This is the first article in a two-part series by our guest columnist Joe Fernandez
by Joe Fernandez
ANALYSIS (Part 1) Critics in Peninsular Malaysia miss the forest for the trees when they complain that “Barisan must be laughing at these fringe parties” in Sabah. Obviously, they are referring to the “inability” of the opposition parties to forge an electoral pact to take on the ruling Barisan Nasional (BN) one-to-one come the 13th General Election.
The issue is not whether the BN, in the absence of opposition unity, continues to rule Sabah for a further five years.
That doesn’t mean that the BN in Sabah will surely “fall” if the opposition can get their act together.
Opposition Leader Anwar Ibrahim, being a typical Peninsular Malaysian Malay politician for one, obviously does not want to see the fall of the Muslim-initiated, formed and led state government in Sabah. He was instrumental in setting up this government and, and according to Sabah Parti Keadilan Rakyat (PKR) insiders, expects cross-overs post-13th GE. Under this strategy, he’s allegedly determined to prevent any possibility of the Dusuns and Dayaks — at least the Christians and pagans in their overwhelming numbers — ruling their own countries.
The Dayak Melanau but Muslim Taib Mahmud in Sarawak is Anwar’s main political partner — hitherto secret — in Malaysian Borneo.
Hence, regime change is not the most important issue in Sabah as elsewhere in Malaysia.
All the more so since the system of party politics has failed the people of Sabah and Sarawak, the poorest states in Malaysia at the end of 2010, according to a World Bank report released in Kota Kinabalu.
What is pertinent is system change as advocated even by Pakatan Rakyat (PR), the national opposition alliance.
Anwar has spoken out so often eloquently enough on this vision but only in underlining the need to get away from the current race-based system to one, ostensibly, based on Equality as demanded so often, by among others, Hindraf Makkal Sakthi. Anwar no doubt has his eyes on the 67 parliamentary seats in Peninsular Malaysia where the Indians decide.
The BN is making some efforts to overcome the legacy of race, albeit late in the day, but not enough and even that not fast enough for many people and too little, too late.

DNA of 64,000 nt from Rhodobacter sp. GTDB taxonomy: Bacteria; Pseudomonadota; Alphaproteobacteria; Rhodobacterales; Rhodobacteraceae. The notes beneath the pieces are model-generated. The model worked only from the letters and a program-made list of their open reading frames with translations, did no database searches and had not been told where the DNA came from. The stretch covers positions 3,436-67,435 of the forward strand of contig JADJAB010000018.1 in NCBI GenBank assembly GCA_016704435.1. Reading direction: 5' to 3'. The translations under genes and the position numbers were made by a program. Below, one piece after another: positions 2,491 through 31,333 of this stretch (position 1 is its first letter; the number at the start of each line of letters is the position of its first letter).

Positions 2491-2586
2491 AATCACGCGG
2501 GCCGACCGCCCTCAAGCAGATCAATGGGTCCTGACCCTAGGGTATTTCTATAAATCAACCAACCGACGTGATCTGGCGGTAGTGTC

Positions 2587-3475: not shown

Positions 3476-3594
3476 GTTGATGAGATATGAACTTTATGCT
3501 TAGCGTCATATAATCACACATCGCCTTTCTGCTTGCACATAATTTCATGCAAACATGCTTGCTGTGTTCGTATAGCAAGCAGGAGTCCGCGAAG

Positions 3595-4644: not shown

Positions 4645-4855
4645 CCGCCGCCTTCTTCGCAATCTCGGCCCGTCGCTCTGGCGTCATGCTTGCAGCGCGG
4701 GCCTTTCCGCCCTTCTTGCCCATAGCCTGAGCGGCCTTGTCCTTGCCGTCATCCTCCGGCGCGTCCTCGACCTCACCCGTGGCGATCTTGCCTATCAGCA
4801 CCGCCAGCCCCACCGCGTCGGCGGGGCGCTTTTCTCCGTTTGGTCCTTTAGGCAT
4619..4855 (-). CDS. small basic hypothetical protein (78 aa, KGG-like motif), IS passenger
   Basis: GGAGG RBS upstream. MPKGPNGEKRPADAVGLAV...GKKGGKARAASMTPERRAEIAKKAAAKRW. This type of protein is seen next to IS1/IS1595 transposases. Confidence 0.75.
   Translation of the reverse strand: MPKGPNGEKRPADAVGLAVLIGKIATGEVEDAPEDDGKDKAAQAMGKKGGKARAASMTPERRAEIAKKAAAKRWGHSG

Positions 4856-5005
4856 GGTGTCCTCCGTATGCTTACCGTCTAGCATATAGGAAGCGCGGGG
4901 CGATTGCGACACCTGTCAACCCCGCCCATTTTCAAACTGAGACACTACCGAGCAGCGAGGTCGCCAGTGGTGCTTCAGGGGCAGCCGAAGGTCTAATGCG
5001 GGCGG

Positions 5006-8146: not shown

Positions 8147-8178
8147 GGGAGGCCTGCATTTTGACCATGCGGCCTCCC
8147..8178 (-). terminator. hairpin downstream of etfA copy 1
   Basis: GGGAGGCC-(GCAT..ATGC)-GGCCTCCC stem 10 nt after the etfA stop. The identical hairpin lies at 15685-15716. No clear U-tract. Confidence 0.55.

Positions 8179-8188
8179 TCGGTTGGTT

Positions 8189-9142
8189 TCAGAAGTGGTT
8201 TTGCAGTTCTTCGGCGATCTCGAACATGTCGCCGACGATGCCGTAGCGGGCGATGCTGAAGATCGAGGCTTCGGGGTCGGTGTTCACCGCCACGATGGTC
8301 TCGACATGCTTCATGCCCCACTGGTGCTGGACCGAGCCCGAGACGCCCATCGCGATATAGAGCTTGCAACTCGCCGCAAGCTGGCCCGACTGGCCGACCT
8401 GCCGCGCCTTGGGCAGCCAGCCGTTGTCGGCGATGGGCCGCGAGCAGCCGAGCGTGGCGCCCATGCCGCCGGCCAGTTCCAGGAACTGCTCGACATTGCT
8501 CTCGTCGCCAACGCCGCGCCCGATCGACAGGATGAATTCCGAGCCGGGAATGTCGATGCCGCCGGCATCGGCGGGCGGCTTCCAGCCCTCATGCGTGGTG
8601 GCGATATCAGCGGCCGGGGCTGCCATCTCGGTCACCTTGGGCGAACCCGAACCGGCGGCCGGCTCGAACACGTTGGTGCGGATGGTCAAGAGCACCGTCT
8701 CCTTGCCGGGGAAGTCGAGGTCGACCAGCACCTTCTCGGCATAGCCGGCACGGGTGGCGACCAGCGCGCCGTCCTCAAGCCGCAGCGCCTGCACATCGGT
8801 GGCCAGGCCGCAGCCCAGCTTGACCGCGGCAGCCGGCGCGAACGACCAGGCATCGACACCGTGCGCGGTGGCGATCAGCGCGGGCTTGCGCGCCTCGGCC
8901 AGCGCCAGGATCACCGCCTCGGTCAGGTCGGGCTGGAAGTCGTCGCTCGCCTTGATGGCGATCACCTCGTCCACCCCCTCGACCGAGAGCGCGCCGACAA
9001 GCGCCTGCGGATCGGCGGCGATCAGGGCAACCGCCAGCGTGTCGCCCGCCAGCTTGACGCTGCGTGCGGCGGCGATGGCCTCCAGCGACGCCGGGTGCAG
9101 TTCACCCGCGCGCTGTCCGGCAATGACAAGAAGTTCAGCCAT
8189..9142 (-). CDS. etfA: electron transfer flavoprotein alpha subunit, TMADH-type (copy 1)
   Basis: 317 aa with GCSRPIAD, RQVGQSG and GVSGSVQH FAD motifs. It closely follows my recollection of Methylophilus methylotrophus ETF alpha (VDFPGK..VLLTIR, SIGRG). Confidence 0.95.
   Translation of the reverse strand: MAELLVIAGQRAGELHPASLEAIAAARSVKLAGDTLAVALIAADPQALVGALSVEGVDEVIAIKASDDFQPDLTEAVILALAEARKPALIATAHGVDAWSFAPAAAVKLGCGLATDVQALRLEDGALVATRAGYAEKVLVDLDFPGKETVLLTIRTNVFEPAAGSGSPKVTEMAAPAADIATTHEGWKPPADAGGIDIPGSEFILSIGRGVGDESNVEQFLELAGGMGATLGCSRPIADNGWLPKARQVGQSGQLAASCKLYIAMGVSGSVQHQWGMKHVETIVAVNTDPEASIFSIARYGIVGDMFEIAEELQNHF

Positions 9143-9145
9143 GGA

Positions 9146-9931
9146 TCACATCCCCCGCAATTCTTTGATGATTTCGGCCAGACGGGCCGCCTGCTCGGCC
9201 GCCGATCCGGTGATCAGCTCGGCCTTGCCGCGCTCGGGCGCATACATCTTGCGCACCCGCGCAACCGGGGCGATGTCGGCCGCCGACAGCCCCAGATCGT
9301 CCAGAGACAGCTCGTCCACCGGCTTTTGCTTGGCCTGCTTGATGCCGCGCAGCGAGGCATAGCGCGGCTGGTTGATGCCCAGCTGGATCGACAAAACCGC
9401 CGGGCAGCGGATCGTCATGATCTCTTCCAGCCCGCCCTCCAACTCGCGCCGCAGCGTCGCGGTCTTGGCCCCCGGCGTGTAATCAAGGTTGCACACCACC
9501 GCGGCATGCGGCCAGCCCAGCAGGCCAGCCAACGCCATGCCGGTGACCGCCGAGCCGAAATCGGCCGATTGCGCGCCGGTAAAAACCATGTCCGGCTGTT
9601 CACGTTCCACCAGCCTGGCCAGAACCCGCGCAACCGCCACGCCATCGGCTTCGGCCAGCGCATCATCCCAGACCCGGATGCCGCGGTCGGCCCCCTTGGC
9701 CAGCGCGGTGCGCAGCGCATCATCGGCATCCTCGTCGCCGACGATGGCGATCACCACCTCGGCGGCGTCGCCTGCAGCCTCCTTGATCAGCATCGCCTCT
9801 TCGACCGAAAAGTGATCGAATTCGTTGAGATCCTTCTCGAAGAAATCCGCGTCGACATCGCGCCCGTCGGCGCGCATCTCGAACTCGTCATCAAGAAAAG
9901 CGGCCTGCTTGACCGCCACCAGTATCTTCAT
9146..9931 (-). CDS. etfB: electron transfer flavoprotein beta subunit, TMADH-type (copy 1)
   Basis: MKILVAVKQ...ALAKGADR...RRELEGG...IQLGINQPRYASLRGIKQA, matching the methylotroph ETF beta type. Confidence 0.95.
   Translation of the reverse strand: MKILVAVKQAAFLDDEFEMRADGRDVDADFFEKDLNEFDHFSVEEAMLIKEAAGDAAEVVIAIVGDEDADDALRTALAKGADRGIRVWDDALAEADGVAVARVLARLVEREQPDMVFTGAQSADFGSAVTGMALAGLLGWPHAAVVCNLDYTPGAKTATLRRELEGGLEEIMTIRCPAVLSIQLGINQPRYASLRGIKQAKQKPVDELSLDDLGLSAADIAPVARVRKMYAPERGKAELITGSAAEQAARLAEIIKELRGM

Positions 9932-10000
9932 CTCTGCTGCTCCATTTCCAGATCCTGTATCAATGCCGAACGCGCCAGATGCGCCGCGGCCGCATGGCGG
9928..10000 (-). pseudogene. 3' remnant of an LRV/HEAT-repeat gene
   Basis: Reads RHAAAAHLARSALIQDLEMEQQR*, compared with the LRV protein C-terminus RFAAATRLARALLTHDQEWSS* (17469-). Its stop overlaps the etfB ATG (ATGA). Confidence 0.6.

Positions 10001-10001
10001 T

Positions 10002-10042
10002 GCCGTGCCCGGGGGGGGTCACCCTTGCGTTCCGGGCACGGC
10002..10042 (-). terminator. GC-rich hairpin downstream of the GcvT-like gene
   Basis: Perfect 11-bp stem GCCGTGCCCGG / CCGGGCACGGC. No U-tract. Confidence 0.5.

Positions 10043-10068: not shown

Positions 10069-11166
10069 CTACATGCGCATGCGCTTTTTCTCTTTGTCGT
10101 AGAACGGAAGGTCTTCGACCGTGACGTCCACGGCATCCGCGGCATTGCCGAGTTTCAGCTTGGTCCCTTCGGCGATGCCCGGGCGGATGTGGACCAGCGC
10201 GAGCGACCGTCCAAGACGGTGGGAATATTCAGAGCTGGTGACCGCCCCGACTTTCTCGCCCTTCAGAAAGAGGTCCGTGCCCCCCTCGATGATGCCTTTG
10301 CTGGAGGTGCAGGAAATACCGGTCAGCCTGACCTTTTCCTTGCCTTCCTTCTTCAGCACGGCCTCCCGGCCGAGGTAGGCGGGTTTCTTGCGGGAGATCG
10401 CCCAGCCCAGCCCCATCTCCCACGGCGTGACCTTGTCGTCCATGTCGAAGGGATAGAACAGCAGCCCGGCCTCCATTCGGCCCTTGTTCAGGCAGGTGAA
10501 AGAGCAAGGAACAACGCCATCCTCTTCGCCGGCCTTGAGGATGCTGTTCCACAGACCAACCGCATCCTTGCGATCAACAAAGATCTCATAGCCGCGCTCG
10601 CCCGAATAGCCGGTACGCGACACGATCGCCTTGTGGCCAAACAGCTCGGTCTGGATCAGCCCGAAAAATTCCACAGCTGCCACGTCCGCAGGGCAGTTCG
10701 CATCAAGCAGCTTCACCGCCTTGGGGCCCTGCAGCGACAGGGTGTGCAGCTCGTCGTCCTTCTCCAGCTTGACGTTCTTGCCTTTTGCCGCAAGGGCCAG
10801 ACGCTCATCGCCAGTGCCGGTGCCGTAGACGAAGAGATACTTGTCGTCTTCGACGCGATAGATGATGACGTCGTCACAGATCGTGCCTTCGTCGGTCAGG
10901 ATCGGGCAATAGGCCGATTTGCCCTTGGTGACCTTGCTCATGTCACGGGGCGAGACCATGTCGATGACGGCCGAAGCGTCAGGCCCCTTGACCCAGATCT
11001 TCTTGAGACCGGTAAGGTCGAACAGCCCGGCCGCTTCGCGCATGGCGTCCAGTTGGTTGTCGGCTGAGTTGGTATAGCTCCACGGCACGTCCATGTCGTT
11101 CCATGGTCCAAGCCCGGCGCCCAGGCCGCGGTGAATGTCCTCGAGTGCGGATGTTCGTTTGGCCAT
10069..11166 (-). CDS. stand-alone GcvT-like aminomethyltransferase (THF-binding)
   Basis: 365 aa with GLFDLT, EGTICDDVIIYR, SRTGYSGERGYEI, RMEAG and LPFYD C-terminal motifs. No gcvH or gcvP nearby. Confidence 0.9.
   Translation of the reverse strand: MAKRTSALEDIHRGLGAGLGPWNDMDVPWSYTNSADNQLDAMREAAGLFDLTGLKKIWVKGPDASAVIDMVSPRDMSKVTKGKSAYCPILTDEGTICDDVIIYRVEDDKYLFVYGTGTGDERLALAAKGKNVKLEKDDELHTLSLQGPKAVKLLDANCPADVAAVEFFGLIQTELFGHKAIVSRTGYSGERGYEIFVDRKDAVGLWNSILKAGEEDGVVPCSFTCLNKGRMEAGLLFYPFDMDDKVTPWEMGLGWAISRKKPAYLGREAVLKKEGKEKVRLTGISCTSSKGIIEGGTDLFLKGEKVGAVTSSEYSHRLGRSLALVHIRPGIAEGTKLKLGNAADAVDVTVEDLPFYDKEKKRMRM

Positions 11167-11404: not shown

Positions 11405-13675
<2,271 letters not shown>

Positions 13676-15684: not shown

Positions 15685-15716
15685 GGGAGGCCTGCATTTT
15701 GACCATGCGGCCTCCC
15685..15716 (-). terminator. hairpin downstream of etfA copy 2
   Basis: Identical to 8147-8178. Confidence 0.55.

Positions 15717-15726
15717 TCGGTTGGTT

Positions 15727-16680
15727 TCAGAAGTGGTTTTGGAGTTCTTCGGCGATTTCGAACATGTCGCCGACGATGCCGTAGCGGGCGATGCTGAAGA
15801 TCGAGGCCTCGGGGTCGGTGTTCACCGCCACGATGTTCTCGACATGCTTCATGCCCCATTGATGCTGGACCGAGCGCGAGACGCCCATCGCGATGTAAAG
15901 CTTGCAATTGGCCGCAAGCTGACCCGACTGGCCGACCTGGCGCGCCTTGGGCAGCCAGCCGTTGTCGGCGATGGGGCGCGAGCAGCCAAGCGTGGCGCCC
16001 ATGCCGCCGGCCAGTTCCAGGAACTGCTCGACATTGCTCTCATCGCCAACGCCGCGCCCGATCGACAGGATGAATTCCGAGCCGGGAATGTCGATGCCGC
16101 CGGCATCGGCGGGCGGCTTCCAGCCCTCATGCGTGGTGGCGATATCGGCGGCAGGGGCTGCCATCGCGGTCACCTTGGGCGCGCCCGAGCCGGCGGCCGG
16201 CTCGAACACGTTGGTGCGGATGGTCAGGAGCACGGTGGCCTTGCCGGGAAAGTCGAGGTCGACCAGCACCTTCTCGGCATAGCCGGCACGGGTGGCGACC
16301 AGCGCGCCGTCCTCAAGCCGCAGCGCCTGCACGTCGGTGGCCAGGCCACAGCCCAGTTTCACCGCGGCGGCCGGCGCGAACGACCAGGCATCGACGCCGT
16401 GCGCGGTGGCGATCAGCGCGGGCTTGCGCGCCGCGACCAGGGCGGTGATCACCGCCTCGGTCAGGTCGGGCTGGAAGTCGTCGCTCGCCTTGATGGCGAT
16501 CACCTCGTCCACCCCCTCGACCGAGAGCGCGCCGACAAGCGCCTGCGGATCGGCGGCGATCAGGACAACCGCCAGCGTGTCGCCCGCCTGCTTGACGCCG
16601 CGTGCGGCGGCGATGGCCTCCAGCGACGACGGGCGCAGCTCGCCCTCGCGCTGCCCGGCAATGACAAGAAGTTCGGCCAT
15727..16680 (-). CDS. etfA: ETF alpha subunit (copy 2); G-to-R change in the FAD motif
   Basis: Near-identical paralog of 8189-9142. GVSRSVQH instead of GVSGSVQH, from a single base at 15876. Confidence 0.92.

However, the much heralded system change if any must not stop at Peninsular Malaysia and exclude Sabah and Sarawak.
There are no race issues in Sabah and Sarawak, at least nothing serious enough which warrants too much public concern and/or which cannot be resolved at the ballot box, unless brought by visiting politicians from Peninsular Malaysia.
Critics in any case, especially in Peninsular Malaysia, also appear oblivious to local history.
They also appear equally oblivious to the fact that the politics of Peninsular Malaysia, based on jealousy of the Chinese in business, racial polarisation and more recently the proverbial “falling out among thieves”, are surely not what Sabah and Sarawak are all about.
Most Sabahans and Sarawakians unlike the Anwar Ibrahims don’t care whether a cat is black or white — shades of the late Deng Zhiao Peng — as long as it can catch mice. Anything that runs contrary to this comes from Peninsular Malaysia which appears determined, under Umno, to re-cast Sabah and Sarawak in its political mould of race and religion.
These are no doubt among the reasons, but clearly not the only ones, for the State Reform Party (Star) in Sabah for example to declare recently that it will go for all 60 state seats at stake and 26 parliamentary seats including one in Labuan come the 13th GE.
Having said that, it must be noted that the 1963 Malaysia Agreement guarantees that Peninsular Malaysia would only have at the most one less than two-thirds of the seats in Parliament in order to effectively give veto powers to Sabah and Sarawak in the collective over Constitutional amendments. By the same token, by extrapolation and logical deduction, Malaysian Borneo could merit the same position as Peninsular Malaysia in the numbers game.
There was a fundamental breach in this position when Singapore left Malaysia in 1965.
Its 15 seats in the then Parliament, by right, should have all been either given to Sabah and Sarawak or the number of Peninsular Malaysia’s seats reduced to maintain the balance vis a vis Sabah and Sarawak.
Instead, Sabah and Sarawak were pawned off with only eight of Singapore’s seats while the rest were taken by Peninsular Malaysia with no justification whatsoever.
The rest is some additional history which needs to be taken into consideration in any debate, if not polemics.
The rot having set in, so to speak, it was thereafter downhill all the way for Sabah and Sarawak in the numbers game in Parliament.
Today, of the 222 seats in Parliament, Sabah and Sarawak only have 57 seats including one in Labuan. Surely, this doesn’t reflect the balance of power envisaged by the Malaysia Agreement. In short, Peninsular Malaysia is unjustifiably holding 18 seats in Parliament which should in fact belong to Sabah/Sarawak.
To correct the situation, Sabah and Sarawak should be given a further 26 seats in Parliament to balance the 165 seats excluding Labuan held by Peninsular Malaysia. A recent Parliamentary Select Committee (PSC) headed by Maximus Ongkili has raised this issue as a principle among its 22 proposals but makes no recommendation on actual numbers.
If Peninsular Malaysia’s representation in a future Parliament are further raised above the current 165 seats, the balance of power envisaged in the Malaysia Agreement must be taken into consideration and not continue to be compromised.
It’s difficult to predict the restoration of a balance of power in Parliament unless both sides of the political divide are in consensus on the issue. This is important considering that any increase in the number of seats in Parliament must be passed by a two-third majority.